Do you really know the numbers behind your SaaS business? No, I’m not talking about monthly P&L statements. I’m talking about business metrics like customer lifetime value, churn and monthly recurring revenue. You don’t have to hire an analyst to crunch the numbers. Just use Baremetrics. Hat tip to Ryan Robinson (see his interview about growing Close.io with content marketing) for introducing me to Baremetrics.
Josh Pigford, founder of BareMetrics, shared his insights about growing the company, content marketing and more.
What is Baremetrics and how does it help customers?
Baremetrics is a revenue analytics product. We help businesses get insights on the money that’s coming in. For subscription-based companies, we would track metrics like monthly recurring revenue, lifetime value of a customer, churn rates, and other data points. The metrics themselves are not necessarily new to the industry, but they are traditionally really hard to calculate on your own. Without a tool like this, you would need to do lots of spreadsheet calculations or build internal tools. Baremetrics completely replaces all that. You can get up and running a few minutes.
What do you find most challenging in marketing Baremetrics?
There are two challenges. One, finding a channel that’s scalable from a cost standpoint, especially for paid acquisition. Two, finding a channel that is easy to track or attribute performance. It is difficult for us to say, “This is the channel. This is how much it costs to acquire through that channel, and here’s how we scale it up.”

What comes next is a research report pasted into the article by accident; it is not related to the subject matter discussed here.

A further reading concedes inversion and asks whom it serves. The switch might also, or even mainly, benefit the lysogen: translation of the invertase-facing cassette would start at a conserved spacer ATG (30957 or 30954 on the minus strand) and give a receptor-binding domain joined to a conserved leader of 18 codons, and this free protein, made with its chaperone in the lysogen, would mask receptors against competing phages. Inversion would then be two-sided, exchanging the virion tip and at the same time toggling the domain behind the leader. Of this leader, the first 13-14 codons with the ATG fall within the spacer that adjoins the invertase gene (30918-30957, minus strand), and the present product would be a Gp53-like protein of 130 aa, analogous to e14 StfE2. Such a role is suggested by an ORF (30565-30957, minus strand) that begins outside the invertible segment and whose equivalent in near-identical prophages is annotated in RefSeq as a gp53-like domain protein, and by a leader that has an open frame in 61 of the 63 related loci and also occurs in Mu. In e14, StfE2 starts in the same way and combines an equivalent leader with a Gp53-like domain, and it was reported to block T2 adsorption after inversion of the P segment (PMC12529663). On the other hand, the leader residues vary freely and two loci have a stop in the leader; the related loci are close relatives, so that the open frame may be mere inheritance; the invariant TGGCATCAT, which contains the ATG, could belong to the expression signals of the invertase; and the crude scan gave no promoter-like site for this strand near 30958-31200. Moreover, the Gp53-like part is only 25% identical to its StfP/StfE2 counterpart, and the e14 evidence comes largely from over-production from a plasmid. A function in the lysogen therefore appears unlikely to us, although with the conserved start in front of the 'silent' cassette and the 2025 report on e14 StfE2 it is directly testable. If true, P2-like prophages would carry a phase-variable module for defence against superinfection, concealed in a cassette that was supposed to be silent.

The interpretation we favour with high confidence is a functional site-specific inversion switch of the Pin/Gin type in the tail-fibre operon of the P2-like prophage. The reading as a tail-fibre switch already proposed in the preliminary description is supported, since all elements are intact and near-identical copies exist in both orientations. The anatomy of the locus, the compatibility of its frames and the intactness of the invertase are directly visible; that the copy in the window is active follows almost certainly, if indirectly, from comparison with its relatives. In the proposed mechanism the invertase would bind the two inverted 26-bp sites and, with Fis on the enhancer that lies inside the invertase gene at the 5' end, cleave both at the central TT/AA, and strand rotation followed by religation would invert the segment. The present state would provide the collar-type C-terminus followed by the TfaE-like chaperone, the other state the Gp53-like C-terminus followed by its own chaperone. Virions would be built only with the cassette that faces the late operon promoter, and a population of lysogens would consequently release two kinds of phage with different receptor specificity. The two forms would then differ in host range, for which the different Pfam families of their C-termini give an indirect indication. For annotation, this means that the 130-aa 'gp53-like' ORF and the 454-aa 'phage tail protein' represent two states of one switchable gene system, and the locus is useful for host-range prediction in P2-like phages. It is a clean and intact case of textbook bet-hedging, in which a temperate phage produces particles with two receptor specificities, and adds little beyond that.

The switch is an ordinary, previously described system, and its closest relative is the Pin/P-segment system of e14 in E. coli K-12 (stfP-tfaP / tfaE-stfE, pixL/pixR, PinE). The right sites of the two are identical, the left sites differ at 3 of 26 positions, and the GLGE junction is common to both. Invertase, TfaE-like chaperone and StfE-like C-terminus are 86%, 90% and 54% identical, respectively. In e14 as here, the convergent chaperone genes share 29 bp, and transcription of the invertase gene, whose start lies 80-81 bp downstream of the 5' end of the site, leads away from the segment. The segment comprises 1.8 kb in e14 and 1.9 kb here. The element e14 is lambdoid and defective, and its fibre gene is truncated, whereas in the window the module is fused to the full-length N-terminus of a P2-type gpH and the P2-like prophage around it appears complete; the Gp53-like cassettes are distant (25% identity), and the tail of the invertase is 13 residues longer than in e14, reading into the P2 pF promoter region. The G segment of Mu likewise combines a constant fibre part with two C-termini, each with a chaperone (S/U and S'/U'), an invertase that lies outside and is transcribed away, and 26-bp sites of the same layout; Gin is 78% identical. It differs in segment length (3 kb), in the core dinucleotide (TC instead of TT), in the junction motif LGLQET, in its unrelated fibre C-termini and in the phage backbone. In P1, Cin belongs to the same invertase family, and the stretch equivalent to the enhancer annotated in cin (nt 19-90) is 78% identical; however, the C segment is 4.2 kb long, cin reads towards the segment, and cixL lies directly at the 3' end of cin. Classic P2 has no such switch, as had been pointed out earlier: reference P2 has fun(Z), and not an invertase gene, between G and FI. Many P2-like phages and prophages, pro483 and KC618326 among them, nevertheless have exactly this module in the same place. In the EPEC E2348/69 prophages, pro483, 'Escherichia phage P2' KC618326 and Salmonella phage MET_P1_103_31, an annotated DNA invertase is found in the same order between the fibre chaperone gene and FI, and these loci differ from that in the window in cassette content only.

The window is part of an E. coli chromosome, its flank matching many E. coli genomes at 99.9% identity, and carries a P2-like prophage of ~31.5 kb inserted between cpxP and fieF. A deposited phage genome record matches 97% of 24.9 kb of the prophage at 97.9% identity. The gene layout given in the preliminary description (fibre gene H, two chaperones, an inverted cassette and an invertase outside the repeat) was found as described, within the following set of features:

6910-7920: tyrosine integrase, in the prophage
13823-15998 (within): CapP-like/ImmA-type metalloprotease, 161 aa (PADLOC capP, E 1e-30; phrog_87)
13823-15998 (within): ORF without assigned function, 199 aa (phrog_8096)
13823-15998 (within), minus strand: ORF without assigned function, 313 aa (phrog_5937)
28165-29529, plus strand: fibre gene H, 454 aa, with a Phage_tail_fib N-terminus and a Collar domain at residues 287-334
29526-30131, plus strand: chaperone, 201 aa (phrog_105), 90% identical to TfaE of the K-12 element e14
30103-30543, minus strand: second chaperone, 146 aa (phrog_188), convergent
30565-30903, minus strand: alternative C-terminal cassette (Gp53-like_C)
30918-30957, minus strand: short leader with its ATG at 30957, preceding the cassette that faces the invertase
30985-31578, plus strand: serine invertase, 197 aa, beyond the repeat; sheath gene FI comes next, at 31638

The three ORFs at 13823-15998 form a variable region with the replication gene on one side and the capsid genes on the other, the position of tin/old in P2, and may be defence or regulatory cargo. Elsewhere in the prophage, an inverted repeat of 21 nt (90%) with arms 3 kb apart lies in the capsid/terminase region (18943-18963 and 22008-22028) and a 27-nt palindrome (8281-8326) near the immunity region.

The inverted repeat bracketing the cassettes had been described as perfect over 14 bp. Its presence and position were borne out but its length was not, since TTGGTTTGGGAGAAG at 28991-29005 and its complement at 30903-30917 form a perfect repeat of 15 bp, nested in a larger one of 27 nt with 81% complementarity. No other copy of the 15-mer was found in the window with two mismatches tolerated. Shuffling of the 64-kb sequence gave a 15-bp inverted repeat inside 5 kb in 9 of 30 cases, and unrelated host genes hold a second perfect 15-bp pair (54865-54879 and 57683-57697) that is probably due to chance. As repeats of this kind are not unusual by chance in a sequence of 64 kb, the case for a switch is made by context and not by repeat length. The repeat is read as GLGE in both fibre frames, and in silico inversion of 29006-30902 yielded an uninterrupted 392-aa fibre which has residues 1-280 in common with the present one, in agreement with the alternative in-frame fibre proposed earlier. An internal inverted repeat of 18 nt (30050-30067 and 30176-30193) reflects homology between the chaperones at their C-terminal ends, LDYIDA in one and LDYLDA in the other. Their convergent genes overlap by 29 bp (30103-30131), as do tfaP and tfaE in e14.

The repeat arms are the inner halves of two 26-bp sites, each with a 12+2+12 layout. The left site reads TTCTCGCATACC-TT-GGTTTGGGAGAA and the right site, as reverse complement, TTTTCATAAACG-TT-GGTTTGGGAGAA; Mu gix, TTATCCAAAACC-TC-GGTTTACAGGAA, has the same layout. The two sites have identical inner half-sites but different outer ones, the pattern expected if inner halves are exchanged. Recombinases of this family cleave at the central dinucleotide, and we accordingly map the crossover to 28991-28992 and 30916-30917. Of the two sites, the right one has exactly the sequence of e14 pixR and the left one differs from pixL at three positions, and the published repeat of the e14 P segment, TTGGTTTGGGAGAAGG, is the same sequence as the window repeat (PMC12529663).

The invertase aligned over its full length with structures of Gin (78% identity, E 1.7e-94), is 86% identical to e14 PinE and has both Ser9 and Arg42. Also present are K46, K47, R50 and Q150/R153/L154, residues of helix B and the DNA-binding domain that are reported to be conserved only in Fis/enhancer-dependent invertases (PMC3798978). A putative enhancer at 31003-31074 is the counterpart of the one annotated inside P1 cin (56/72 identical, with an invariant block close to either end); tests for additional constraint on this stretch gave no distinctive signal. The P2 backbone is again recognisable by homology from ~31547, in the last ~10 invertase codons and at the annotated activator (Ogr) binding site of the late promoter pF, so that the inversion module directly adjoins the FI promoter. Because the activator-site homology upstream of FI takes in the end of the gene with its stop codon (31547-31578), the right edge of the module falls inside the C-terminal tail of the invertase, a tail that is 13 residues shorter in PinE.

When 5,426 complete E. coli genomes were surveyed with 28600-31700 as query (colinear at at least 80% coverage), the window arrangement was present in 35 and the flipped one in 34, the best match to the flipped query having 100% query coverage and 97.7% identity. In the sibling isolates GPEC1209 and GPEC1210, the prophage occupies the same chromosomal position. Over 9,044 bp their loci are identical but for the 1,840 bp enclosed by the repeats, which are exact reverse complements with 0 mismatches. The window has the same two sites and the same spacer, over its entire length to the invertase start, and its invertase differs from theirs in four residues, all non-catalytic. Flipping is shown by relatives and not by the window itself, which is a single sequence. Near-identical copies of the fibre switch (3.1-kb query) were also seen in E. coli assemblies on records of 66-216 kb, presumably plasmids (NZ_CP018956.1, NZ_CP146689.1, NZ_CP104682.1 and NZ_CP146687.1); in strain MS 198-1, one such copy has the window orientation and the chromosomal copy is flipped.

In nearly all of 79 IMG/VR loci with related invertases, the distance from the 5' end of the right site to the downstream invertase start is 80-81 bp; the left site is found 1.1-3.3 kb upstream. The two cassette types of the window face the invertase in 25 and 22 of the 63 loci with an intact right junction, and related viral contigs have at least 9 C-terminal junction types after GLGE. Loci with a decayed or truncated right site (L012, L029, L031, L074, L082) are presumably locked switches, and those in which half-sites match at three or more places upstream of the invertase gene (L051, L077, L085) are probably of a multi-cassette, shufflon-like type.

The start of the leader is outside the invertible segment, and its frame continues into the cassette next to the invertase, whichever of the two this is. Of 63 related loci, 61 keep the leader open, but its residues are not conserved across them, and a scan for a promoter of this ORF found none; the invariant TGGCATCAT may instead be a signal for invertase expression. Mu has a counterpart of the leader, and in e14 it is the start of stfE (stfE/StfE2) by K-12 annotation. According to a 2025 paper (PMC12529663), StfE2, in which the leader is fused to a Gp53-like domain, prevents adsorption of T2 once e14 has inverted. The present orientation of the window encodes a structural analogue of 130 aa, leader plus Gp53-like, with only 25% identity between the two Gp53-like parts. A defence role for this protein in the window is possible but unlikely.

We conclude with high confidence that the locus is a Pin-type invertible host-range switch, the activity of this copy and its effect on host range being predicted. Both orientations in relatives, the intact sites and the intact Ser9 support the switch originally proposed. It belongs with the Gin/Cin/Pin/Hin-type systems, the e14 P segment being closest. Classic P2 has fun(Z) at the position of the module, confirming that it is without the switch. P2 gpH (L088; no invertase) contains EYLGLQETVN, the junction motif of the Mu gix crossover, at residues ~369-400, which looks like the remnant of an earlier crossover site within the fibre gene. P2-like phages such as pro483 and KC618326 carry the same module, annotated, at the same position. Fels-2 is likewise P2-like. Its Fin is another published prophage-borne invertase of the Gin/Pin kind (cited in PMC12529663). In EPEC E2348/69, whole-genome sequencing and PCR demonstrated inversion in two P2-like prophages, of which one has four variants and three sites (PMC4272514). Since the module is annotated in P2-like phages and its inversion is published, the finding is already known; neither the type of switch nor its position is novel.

When it comes to content, you can make some guesses about things, or even have some high-level data points. Knowing for sure is a different story. Connecting the dots between a prospect reading article A and becoming a customer is difficult to track.
What is your thought process around content marketing for Baremetrics? In a recent blog post, you mentioned that past efforts at content marketing at other companies did not generate results. It sounds like you are taking a different approach today.
In the early days of content marketing days, say five years ago, SEO considerations were at the top of the agenda. The approach was let’s produce much content to rank for a specific keyword. Recently, my approach to content marketing has shifted to focus on how we create the content, in and of itself, really valuable. Search engine optimization can be a part of that, but first and foremost, you need to be writing for humans.
When I started Baremetrics, I tried the SEO focused content marketing. That approach did not work well for us. Going forward, I wanted to produce content that was genuinely helpful for other businesses. If there was an SEO impact, fantastic. If not, I am sort of indifferent about that. Ultimately, I wanted something that people could read and get much use out of.
What makes a piece of content “genuinely helpful” in your view?
I want something that’s actionable – you can do something with the thing that you just read. That may be a resource or downloads such as a spreadsheet you can use or a marketing how-to. Alternatively, I want you to be sitting and thinking about it for a while. So, I want it to be something that a week later, you are still chewing on it in your head. Like, “Oh, I had not thought of something that way.”